I'm French and proud of it. The French government has to do something for its youth, since they represent our future potential. What we see in some universities is awful. They do not learn in good conditions, indeed the classrooms are full. Those students that do not find work will be a burden for French society and this is where France has failed - it will take a long time to recover.
Julien, Cergy, France
It is sad to witness that some countries including France and Canada do not recognize talent and qualifications. Hats off to the UK for recognising talent and qualifications.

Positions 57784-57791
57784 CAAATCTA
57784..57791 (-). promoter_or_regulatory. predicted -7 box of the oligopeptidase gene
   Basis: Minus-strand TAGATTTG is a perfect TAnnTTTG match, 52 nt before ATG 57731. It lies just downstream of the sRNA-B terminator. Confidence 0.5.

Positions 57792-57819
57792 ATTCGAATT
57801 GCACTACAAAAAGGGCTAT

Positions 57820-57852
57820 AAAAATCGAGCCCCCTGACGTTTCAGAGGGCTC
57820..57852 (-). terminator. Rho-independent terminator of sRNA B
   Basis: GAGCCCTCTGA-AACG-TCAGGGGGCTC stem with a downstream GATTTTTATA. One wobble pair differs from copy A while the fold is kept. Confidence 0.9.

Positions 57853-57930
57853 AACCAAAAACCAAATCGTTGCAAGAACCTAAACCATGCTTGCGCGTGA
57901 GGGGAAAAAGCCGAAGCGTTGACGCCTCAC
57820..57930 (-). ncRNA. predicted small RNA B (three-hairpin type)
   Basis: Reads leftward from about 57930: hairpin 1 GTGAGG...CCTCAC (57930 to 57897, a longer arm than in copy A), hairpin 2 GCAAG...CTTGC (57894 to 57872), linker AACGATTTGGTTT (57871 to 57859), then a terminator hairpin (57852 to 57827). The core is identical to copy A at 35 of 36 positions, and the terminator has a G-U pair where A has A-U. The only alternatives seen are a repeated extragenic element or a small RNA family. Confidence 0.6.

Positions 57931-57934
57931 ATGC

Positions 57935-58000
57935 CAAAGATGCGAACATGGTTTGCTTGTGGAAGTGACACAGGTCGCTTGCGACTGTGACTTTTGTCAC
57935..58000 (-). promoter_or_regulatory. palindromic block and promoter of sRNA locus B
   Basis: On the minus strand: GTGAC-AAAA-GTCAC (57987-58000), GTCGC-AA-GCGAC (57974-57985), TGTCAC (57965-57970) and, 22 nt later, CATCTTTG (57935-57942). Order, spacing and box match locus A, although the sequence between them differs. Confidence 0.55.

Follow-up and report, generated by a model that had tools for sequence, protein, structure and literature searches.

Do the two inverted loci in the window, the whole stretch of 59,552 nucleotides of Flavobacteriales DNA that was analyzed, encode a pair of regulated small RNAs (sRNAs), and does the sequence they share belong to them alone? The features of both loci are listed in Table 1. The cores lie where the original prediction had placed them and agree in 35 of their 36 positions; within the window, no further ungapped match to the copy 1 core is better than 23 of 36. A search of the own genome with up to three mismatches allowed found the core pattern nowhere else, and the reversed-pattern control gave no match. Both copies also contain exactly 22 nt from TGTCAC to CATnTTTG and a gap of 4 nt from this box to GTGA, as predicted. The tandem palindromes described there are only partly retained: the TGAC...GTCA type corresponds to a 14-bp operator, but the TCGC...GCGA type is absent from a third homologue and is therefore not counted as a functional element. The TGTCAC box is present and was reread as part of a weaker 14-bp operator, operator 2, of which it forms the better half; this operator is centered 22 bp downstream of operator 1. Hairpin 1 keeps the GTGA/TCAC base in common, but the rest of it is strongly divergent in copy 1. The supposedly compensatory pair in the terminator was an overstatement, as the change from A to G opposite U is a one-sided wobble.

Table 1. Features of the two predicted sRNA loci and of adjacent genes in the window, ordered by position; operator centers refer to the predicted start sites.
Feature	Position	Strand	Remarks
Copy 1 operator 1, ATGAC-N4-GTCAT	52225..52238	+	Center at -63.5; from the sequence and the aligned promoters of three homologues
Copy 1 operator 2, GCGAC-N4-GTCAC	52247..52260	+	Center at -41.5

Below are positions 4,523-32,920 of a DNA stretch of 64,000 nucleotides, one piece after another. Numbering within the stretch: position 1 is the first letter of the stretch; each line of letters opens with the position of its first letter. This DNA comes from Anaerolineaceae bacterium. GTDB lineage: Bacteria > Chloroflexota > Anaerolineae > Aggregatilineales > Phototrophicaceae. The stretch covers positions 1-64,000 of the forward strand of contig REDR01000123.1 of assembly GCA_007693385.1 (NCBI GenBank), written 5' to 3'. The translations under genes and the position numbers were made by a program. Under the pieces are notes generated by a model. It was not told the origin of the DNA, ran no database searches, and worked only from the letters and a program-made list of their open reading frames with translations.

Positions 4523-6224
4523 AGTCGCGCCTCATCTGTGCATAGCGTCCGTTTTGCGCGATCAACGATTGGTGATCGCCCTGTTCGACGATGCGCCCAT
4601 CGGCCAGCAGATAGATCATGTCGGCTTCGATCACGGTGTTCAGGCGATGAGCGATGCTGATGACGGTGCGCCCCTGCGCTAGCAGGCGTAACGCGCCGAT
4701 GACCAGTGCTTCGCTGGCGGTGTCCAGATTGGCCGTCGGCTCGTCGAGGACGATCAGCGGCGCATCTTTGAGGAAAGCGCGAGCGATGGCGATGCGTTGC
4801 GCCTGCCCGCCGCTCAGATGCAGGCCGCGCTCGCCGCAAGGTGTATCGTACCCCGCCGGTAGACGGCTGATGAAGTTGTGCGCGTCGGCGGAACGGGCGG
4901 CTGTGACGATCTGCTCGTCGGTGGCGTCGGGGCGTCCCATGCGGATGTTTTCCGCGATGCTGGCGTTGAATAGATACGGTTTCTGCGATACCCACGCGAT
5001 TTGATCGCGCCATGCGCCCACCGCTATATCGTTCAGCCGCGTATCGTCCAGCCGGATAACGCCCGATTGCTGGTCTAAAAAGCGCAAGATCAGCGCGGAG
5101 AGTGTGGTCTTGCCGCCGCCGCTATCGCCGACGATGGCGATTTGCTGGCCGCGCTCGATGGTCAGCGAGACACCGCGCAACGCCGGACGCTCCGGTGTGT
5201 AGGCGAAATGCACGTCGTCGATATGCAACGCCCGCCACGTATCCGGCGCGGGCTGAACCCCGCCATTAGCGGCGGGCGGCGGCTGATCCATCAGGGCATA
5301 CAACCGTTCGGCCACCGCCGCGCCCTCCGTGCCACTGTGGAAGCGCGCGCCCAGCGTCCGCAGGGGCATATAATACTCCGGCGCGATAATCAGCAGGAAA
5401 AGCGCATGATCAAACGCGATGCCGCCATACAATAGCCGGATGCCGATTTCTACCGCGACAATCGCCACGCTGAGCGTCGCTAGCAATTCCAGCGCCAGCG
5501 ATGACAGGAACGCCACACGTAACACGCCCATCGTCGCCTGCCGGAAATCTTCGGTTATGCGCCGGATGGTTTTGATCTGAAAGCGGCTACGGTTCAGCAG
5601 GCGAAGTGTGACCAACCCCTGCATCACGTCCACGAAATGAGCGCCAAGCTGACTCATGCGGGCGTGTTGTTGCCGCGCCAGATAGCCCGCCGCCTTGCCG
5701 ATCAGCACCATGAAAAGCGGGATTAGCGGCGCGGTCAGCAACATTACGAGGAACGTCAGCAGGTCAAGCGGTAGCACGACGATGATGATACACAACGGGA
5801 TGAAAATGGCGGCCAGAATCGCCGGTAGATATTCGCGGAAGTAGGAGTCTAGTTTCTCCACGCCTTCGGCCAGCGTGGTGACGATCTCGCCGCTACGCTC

Siva, Toronto, Canada
Please don't be so conservative and severe concerning the French social model. If people are in the street, it's not just to protest. Actually a typical French characteristic is to be critical towards one's own model.
Mateo Pierre-Marie, Cergy-Pontoise, France
As you said into your article, young people want change in France. It is still hard to get a job in France when you do not have any work experience. The Contrat Premier Embauche which you call "easy hire, easy fire" contract was rejected by the population last spring. Young people did not think their rights would have been respected with this contract - firms had too much power. The new president will have his work cut out. I hope he or she will be good.
PAB, Paris, France